Kenneth Lowell Unsworth
The degree of Doctor of Visual Arts (honoris causa) was conferred upon Kenneth Lowell Unsworth at the Sydney College of the Arts graduation ceremony held at 2.00pm on 14 March 2008.
Chancellor, I have the honour to present Kenneth Lowell Unsworth for admission to the degree of Doctor of Visual Arts (honoris causa).
Ken Unsworth is one of Australia’s foremost contemporary artists; a pre-eminent figure who excels in a wide range of media and practices. His works, particularly his sculptures, installations and art environments are highly significant to Australian and European art. Many of his works, such as the suspended river stones, which are in the collection of the Art Gallery of New South Wales, have attained iconic status that has reached far beyond the confines of the art world.
For more than four decades, Ken Unsworth has made a distinguished contribution to the cultural life of Australia, enjoying exposure through one person shows and group exhibitions in important international centres, as well as at home. Examples are legion, but include: representation in no less than six Sydney Biennales since 1976; work included in three Australian Sculpture Triennials in Melbourne; and a major retrospective of his work at the Art Gallery of NSW in 1998. There have been shows in New York, Paris, Berlin, Istanbul, Tokyo and Seoul. He represented Australia at the Venice Biennale in 1978, and was part of the landmark exhibition of global art, Magicians de la Terre in Paris in 1989.
Mr Unsworth’s academic eminence is no less than that of his practice. He studied at the University of Melbourne and Melbourne Teacher’s College, and later at the National Art School in Sydney. He began teaching in 1966 at Bathurst Teachers College, which provided the occasion for him to start making sculpture. In 1969 he was appointed as lecturer and Head of Art Teacher Education at the Tasmanian School of Art (now part of the University of Tasmania), and in 1972 joined the Sydney College of Advanced Education (now part of the University of Sydney), where he was lecturer in sculpture.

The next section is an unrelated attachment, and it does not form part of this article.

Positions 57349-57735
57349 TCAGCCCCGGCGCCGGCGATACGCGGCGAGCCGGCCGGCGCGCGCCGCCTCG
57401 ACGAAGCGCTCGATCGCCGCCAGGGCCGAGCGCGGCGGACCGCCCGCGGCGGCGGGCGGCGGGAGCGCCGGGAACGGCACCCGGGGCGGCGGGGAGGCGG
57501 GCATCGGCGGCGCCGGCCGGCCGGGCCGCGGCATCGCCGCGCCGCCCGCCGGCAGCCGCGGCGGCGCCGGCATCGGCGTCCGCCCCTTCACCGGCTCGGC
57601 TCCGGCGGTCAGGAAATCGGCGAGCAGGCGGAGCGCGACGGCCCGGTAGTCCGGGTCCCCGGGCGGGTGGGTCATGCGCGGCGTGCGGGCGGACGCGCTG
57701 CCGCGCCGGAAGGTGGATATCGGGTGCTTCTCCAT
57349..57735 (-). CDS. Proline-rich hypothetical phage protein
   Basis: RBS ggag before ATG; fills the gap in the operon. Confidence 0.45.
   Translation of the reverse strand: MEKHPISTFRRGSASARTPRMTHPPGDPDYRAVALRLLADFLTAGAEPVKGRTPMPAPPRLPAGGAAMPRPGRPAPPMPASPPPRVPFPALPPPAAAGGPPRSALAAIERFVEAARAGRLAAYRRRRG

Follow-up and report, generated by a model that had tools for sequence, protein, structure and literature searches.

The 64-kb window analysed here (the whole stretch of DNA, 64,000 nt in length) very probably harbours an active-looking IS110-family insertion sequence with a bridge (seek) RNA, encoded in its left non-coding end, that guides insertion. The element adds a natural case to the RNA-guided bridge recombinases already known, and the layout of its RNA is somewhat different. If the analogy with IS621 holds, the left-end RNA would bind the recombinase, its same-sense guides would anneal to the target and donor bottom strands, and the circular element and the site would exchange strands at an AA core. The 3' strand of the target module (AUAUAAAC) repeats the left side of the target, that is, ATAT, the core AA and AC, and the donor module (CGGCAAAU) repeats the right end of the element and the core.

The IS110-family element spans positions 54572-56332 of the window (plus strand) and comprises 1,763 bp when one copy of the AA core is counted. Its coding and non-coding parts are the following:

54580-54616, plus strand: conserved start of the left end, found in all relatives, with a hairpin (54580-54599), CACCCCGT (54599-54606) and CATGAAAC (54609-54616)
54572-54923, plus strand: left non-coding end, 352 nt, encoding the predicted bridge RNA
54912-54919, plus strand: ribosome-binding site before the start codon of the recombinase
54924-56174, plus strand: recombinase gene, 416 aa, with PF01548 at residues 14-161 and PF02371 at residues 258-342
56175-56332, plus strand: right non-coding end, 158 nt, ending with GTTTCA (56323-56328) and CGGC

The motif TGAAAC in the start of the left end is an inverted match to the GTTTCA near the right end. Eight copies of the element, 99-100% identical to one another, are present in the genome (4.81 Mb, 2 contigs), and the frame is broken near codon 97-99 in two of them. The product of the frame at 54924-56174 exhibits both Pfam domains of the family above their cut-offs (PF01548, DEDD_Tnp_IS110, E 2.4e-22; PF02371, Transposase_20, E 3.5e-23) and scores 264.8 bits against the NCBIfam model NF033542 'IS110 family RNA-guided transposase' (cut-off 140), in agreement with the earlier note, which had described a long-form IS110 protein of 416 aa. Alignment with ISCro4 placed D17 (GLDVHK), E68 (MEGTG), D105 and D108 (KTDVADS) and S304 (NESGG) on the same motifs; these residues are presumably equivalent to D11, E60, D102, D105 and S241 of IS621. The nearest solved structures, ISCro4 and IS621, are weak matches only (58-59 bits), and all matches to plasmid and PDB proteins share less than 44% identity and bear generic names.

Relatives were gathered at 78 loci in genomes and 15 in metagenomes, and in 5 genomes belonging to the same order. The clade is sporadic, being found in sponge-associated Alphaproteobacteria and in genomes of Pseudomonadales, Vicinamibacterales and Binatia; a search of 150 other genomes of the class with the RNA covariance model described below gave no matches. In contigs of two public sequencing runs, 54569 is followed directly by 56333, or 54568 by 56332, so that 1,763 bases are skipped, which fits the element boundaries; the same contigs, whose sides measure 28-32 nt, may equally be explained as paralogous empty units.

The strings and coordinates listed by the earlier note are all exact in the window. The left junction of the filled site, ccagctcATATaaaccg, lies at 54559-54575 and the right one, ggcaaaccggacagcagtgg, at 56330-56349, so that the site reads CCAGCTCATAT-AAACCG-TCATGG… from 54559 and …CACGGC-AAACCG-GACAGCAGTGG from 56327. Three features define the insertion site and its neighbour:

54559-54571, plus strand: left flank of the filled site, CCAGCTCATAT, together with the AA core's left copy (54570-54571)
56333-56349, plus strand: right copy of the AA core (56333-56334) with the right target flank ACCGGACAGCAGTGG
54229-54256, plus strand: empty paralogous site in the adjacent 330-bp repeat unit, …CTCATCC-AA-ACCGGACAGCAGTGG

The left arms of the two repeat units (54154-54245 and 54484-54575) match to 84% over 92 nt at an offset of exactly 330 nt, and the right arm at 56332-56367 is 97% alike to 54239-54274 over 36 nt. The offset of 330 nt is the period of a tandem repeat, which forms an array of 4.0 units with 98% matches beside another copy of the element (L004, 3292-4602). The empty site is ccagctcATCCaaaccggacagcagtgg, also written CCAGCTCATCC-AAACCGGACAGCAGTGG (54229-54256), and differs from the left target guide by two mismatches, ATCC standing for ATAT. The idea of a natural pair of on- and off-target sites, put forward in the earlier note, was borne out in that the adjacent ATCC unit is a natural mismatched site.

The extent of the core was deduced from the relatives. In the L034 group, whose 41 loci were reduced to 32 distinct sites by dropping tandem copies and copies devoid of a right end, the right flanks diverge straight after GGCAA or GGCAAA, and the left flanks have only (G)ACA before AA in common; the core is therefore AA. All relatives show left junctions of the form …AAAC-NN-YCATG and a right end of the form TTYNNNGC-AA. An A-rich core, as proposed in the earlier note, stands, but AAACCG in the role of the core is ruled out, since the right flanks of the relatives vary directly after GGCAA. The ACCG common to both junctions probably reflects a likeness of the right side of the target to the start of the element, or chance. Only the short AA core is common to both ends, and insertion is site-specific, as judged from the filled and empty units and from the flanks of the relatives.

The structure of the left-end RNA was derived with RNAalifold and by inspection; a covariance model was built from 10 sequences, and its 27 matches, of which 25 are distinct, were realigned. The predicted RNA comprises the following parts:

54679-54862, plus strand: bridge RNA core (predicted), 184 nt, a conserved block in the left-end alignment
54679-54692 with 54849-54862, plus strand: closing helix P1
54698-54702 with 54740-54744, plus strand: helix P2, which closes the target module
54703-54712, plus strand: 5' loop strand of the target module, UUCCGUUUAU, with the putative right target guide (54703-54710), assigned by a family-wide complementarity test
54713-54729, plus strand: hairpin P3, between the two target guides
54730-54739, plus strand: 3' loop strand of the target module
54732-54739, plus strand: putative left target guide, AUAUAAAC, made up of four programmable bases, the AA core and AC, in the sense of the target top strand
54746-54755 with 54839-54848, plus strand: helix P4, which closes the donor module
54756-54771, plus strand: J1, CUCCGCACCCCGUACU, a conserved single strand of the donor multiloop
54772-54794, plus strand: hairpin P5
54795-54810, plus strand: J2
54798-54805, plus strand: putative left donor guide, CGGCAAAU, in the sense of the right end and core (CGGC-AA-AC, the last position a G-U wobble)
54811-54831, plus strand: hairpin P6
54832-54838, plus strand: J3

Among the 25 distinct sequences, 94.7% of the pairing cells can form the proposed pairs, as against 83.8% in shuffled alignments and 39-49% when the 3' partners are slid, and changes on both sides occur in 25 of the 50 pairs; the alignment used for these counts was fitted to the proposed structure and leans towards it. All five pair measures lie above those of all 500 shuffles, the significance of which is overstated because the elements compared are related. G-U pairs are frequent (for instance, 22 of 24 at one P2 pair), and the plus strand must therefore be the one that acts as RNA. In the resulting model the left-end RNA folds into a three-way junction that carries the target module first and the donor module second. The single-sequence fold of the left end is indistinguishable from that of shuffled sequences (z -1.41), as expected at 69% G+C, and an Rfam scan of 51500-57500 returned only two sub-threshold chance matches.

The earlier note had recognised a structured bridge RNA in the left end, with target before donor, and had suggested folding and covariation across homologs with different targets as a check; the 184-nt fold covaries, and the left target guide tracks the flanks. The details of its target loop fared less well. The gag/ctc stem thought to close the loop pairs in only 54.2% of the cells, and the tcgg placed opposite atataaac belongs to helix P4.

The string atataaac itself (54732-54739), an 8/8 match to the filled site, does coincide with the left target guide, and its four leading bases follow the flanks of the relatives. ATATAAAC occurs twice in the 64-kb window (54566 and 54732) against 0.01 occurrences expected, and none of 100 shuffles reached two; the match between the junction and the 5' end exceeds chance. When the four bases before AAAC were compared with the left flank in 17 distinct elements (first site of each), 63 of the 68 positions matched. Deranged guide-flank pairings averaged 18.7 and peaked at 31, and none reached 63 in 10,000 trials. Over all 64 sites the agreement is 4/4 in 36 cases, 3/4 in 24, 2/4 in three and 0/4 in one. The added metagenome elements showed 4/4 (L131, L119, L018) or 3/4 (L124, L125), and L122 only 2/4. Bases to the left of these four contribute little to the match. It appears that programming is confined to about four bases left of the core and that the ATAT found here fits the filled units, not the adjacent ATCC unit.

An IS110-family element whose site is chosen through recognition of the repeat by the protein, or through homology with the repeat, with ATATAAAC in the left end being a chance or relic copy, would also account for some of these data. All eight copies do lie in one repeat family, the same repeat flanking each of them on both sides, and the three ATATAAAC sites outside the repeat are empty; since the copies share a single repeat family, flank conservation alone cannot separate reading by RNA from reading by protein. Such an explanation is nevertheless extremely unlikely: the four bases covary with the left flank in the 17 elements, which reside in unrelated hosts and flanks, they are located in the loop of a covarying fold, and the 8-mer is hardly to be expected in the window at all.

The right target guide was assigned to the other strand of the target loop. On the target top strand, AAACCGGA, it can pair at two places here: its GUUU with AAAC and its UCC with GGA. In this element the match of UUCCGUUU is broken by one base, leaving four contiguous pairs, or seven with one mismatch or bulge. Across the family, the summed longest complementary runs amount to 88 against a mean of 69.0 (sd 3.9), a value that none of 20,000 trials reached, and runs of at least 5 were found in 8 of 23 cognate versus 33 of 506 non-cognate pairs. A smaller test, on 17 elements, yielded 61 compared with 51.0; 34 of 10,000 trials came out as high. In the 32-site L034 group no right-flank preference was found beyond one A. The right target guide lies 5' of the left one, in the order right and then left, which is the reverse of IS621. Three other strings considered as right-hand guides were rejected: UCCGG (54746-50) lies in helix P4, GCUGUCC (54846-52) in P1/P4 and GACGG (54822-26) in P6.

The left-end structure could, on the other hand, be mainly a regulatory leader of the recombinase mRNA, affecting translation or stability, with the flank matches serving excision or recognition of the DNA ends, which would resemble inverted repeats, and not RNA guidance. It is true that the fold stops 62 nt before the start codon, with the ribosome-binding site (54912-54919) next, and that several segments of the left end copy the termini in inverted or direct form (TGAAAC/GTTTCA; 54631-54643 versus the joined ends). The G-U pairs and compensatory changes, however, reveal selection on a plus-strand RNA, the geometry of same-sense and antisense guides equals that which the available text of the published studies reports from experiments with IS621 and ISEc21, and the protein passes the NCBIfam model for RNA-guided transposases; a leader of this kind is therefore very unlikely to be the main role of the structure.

He has had a profound influence on successive generations of emerging artists both as a teacher and as a powerful role model of the artist in Australian society; a creative and utterly committed figure who demonstrates compassion, a political conscience and a dark sense of humour about the state of our society.
His contribution to, and relationship with, this University has continued in various roles over the years, perhaps most notably in his role of external examiner at times for Sydney College of the Arts and long service as a member of the Faculty Board.
Mr Unsworth has received numerous awards, including the Captain Cook Bicentenary Sculpture Competition Award in 1970, and a DAAD Scholarship to Berlin in 1987. In 1989 he was awarded an Australian Creative Fellowship from the Australian Government and in the same year was made a Member of the Order of Australia for service to sculpture.
Tony Bond, Head Curator of International Art at the Art Gallery of New South Wales has said of Ken Unsworth: ‘He reworks the great sagas of life and death while shaking the staff of a jester… The popularity of the works with a wider audience may be attributed to the richness of aesthetic effects and to the experience of witnessing a psychodrama unfolding. Beauty and delirium fade into melancholia and back into laughter. He is able to make you cry and laugh at the same time. Unsworth has lived and suffered as much as most of us so his art is able to reflect our own deepest fears, joys and secrets.’
Chancellor, I present Kenneth Lowell Unsworth for admission to the degree of Doctor of Visual Arts, honoris causa, and I invite you to confer the degree upon him.